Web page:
As the source of the message, you need to be clear about why you’re communicating, and what you want to communicate. You also need to be confident that the information you’re communicating is useful and accurate.
The message is the information that you want to communicate.
This is the process of transferring the information you want to communicate into a form that can be sent and correctly decoded at the other end. Your success in encoding depends partly on your ability to convey information clearly and simply, but also on your ability to anticipate and eliminate sources of confusion (for example, cultural issues, mistaken assumptions, and missing information.)
A key part of this is knowing your audience: Failure to understand who you are communicating with will result in delivering messages that are misunderstood.
Messages are conveyed through channels, with verbal channels including face-to-face meetings, telephone and videoconferencing; and written channels including letters, emails, memos and reports.
Different channels have different strengths and weaknesses. For example, it’s not particularly effective to give a long list of directions verbally, while you’ll quickly cause problems if you give someone negative feedback using email.
Just as successful encoding is a skill, so is successful decoding (involving, for example, taking the time to read a message carefully, or listen actively to it.) Just as confusion can arise from errors in encoding, it can also arise from decoding errors. This is particularly the case if the decoder doesn’t have enough knowledge to understand the message.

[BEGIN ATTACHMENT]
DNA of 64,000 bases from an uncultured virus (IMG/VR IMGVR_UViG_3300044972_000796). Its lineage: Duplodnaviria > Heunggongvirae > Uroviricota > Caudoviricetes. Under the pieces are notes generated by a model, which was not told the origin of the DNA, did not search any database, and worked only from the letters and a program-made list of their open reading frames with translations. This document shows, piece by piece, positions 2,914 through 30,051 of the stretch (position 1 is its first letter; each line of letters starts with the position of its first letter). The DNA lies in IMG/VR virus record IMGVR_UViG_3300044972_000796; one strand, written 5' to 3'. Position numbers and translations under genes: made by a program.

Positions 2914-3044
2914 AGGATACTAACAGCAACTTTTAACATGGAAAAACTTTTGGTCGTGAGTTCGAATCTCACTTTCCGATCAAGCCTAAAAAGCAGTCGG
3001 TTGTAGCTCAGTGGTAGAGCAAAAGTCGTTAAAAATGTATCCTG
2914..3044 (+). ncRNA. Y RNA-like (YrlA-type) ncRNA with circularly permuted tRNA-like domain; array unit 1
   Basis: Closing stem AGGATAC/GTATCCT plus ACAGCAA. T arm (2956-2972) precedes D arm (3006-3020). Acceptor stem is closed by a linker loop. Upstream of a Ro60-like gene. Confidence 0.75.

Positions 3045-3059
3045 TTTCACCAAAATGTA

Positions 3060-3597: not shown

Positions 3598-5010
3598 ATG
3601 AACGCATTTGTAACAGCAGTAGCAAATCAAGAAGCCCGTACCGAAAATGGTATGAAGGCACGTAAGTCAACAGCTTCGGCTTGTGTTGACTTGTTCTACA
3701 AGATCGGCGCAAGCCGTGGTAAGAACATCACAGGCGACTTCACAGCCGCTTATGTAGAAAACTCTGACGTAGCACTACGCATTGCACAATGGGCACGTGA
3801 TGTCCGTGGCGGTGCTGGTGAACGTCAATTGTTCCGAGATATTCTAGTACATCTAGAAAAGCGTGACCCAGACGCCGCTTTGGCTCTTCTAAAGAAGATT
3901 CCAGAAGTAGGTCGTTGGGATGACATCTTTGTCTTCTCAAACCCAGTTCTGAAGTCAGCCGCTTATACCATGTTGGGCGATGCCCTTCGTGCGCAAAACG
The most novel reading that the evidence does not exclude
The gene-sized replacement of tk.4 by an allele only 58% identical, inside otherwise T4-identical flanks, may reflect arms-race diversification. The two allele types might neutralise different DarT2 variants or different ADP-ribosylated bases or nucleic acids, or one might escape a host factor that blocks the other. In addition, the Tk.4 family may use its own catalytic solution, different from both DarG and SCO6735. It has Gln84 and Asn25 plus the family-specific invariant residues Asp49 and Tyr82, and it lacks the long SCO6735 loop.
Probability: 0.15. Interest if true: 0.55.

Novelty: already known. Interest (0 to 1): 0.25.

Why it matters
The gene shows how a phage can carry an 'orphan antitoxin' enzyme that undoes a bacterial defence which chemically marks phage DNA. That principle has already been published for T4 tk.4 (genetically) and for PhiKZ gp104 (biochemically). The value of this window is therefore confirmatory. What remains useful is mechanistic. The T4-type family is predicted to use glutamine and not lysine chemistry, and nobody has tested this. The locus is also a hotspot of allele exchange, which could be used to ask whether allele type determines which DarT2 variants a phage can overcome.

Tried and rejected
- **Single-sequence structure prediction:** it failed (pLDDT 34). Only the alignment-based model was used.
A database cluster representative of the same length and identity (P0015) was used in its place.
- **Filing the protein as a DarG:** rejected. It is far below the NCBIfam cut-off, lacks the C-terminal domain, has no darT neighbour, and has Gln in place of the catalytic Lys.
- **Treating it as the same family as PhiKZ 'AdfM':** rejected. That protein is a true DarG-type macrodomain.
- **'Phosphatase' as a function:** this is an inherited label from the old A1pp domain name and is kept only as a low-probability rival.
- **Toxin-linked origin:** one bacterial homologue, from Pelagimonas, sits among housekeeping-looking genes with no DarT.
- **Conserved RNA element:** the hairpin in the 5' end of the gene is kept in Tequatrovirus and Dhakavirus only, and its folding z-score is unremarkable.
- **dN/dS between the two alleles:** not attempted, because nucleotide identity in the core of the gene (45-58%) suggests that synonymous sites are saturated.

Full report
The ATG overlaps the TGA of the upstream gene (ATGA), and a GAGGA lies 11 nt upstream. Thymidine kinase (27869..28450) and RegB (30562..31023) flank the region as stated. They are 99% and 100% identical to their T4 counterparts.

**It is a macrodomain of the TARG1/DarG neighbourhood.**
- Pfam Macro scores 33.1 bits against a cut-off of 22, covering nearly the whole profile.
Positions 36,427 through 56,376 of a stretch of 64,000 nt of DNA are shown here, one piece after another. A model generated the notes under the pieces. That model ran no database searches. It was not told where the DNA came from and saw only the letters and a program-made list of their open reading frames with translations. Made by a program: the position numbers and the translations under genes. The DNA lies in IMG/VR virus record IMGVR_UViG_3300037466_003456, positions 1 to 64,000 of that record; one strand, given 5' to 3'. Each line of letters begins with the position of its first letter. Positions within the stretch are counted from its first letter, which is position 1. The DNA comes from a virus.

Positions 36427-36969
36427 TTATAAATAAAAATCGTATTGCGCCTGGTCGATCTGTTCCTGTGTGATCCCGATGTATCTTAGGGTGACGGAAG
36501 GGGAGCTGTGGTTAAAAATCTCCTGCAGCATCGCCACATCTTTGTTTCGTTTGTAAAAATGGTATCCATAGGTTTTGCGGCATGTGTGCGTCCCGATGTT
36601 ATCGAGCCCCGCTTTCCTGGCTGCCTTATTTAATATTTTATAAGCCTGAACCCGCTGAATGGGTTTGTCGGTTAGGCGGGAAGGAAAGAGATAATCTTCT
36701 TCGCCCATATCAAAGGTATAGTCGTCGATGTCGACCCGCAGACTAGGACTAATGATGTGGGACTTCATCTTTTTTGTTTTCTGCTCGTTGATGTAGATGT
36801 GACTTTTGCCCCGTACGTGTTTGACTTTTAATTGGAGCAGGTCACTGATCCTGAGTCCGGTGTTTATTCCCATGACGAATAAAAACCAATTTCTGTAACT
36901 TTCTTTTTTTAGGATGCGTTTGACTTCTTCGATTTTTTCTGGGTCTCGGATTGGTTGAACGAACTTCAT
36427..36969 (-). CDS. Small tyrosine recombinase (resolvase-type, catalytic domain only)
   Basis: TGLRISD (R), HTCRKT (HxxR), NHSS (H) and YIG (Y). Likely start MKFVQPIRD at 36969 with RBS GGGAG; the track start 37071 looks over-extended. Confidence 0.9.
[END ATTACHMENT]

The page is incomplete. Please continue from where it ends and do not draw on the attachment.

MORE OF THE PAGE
Your message is delivered to individual members of your audience. No doubt, you have in mind the actions or reactions you hope your message will get from this audience. Keep in mind, though, that each of these individuals enters into the communication process with ideas and feelings that will undoubtedly influence their understanding of your message, and their response. To be a successful communicator, you should consider these before delivering your message, and act appropriately.
Your audience will provide you with feedback, as verbal and nonverbal reactions to your communicated message. Pay close attention to this feedback, as it is the only thing that can give you confidence that your audience has understood your message. If you find that there has been a misunderstanding, at least you have the opportunity to send the message a second time.
The situation in which your message is delivered is the context. This may include the surrounding environment or broader culture (corporate culture, international cultures, and so on).
Mind tools: essential skills for an excellent career. URL: http://www.mindtools.com/CommSkll/CommunicationIntro.htm (2008-06-26)